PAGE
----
The Israel-Hamas Prisoner Swap, from the West Bank

On November 24th, I woke up in occupied Ramallah to the news that Israel and Hamas had agreed to a temporary ceasefire. It was Friday, and the streets were empty. In a café, a few old Palestinian men were watching a news broadcast, which reported that the two warring parties had agreed to exchange human beings for four days: Israeli hostages for Palestinian prisoners, at a ratio of one to three. The ratio reflected Hamas’s weakness: in the most recent hostage swap, in 2011, the militant group had traded the soldier Gilad Shalit for a thousand and twenty-seven imprisoned Palestinians. But in the café this depreciation was ignored. The men greeted the deal as a great victory—perhaps the only victory in two horrifying, bloody months.

By lunchtime, the Manara roundabout, in downtown Ramallah, was filling with people. They stood in twos and threes. The crowd circled four stone lions that guard the roundabout’s central island. A poster showed the faces of a few dozen of the thousands of children killed in Gaza. Palestinian policemen, in baby-blue uniforms, stood watching; they served the Palestinian Authority, Ramallah’s nominal government, and most residents consider such officers little more than quislings for the Israeli occupation. The P.A. has often suppressed rallies and protests, but today, it seemed to be allowing a demonstration.

The crowd advanced down an avenue lined with cafés and juice bars. A Christian priest marched in front, arms interlinked with the leader of Palestine’s Communist party. Men masked by kaffiyehs carried the flags of the Democratic Front for the Liberation of Palestine, another left-wing faction. Dozens of women marched behind the men; a few waved the green flag of Hamas.

A man shouted slogans, and each time the crowd echoed him: “Come on out, Oh, Moon! Light up our camps! We were not created to live in the shadow of oppression!” Women held signs printed with the photographs of sons and daughters taken by the Israelis. Their hope, though they didn’t spell it out, was that their children would be part of the swap.

I approached a woman speaking ardently about imprisoned Palestinians. “They want to make our homes empty,” she said. Her name was Aman Nafa, and she was fifty-nine. She said that she had been a prisoner herself multiple times: her first arrest occurred when she was seventeen, after she’d organized protests against the occupation of the West Bank.

Upon her release, she said, a prisoner named Nael Barghouti sent a message asking for her hand in marriage, and they fell in love. After he was released, during the 2011 swap, they married. But nine years ago Barghouti was arrested again—the soldiers who made the arrest accused him of being affiliated with Hamas. (Nafa denies this.) Prior to October, Barghouti’s sister Hanan and two of her sons were arrested. On October 7th, another of her sons posted a TikTok video mocking an Israeli soldier who was being dragged across the ground; he and his brother were arrested. Hanan and three of her sons were placed under “administrative detention,” in which Palestinians are held without charge or trial. The arrests, Nafa believed, represented “revenge” against a family known for its resistance activities. (The Israel Defense Forces have killed members of the Barghouti family, and have called them “terrorists.”)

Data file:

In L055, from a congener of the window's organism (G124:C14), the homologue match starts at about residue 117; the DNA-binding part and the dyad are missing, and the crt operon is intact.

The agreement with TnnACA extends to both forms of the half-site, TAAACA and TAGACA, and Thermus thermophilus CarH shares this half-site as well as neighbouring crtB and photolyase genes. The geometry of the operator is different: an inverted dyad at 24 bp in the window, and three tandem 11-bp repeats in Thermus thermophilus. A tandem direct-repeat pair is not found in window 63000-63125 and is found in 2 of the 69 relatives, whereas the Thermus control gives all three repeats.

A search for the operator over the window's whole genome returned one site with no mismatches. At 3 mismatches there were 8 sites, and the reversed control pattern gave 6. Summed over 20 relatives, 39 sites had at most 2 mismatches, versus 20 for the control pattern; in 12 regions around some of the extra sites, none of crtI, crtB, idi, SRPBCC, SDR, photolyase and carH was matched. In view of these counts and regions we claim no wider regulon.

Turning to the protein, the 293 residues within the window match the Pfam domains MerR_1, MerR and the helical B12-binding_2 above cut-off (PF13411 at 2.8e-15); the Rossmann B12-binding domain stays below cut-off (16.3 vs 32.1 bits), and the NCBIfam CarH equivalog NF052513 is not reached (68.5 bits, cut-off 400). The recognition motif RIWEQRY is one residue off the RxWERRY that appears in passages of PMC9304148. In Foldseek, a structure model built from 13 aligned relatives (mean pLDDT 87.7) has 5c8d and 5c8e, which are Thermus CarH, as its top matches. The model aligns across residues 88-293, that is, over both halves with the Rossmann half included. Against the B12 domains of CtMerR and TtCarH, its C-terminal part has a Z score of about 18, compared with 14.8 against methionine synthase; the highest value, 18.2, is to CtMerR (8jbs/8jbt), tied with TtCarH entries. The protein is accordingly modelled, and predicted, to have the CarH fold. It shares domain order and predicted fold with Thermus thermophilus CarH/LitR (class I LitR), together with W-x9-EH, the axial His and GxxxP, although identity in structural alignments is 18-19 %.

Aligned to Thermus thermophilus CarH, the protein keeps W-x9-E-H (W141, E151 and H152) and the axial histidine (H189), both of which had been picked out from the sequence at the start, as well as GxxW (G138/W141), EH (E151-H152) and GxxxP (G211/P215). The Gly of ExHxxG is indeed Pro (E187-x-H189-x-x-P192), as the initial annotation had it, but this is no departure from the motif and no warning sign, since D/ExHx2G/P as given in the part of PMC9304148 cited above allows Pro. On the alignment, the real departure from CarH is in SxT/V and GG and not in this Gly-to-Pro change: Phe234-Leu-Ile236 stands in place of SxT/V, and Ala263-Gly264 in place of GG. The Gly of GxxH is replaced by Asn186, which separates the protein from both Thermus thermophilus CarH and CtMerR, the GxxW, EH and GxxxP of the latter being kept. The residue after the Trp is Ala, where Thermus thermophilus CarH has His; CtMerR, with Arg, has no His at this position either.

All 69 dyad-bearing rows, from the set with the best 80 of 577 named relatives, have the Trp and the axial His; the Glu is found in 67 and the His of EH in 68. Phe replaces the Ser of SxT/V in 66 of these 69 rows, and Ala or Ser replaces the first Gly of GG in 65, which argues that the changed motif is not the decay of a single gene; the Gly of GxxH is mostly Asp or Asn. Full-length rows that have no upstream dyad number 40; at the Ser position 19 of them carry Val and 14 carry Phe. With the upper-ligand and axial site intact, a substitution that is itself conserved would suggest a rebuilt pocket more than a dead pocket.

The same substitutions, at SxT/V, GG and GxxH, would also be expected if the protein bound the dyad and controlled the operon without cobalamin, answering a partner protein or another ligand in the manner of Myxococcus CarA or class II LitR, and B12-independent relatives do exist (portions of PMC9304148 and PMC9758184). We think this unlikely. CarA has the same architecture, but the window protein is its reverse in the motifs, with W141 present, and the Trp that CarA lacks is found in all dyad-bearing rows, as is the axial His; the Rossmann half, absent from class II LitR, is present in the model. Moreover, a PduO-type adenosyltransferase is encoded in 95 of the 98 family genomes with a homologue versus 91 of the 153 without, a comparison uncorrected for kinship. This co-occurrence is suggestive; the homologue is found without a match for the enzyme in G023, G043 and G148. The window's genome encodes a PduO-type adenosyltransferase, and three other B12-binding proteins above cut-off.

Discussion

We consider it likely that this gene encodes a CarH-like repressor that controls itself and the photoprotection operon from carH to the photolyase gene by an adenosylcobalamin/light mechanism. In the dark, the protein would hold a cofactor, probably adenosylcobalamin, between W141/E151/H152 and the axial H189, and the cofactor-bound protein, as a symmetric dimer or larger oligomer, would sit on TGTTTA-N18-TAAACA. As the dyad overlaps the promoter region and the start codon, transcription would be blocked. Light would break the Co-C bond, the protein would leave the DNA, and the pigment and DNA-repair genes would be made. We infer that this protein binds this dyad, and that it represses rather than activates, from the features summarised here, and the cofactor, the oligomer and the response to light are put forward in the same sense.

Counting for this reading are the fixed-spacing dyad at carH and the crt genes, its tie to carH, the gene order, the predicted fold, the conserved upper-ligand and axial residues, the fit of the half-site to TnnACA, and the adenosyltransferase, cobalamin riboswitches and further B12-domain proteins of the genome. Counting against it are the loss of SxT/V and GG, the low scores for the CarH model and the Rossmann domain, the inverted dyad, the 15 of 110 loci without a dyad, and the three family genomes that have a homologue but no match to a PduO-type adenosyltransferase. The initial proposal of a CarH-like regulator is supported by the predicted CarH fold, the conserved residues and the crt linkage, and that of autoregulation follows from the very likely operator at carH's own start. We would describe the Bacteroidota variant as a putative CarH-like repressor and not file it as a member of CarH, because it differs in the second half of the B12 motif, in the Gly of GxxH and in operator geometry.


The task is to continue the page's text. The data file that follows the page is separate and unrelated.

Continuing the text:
The demonstrators returned to the roundabout. Nafa received a phone call. A rumor was circulating that the first prisoners would soon be released.  “We’re ready!” she exclaimed.

The exchange was supposed to occur outside Ofer Prison, a few miles to the southwest, near the town of Beitunia. I drove there on a street that ran through shabby neighborhoods. In the distance was the West Bank separation barrier, which many human-rights groups call the Apartheid Wall, and, beyond that, the outlines of Ofer Prison.

I parked and proceeded on foot toward the exchange point. Many Palestinians were headed the same way. A woman told me, “I don’t know any of the prisoners, but I’m here to support them.” An S.U.V. negotiated the thick traffic; protruding from its sunroof were three children, each dressed in a different color of the red-green-and-black Palestinian flag. People streamed down the surrounding hillsides. The word was that, at precisely four o’clock, thirty-nine Palestinians would be released from Ofer.

By 3:45 p.m., more than a thousand people had gathered. Children in kaffiyehs, balancing on tires and cars and fallen girders, peered down the road at the prison’s watchtowers. The crowd was alive with an expectant buzz, as if at any minute figures would materialize in the distance, and the horror of the past seven weeks—the nearly fifteen thousand dead, the flattened neighborhoods in Gaza—would now be worth it. “What Hamas did was a great achievement,” a man in his sixties told me. I asked him whether the release of a few dozen prisoners could justify the deaths of so many civilians, on both sides. “I’m not happy,” he countered. “No one here is happy.”

Yet, all around us, I saw smiles and heard laughter and song. Patriotic tunes sounded through car windows. It was as if the crowd wanted the prisoner release to prove to the world—or, at least, to remind themselves—that, beneath all the recent suffering, their fight for self-determination was still alive. The state of Israel sensed this ambition. Itamar Ben-Gvir, Israel’s national-security minister, had ordered the police to suppress celebrations in East Jerusalem. “There are to be no expressions of joy,” he declared. “Expressions of joy are equivalent to backing terrorism. Victory celebrations give backing to those human scum, for those Nazis.”

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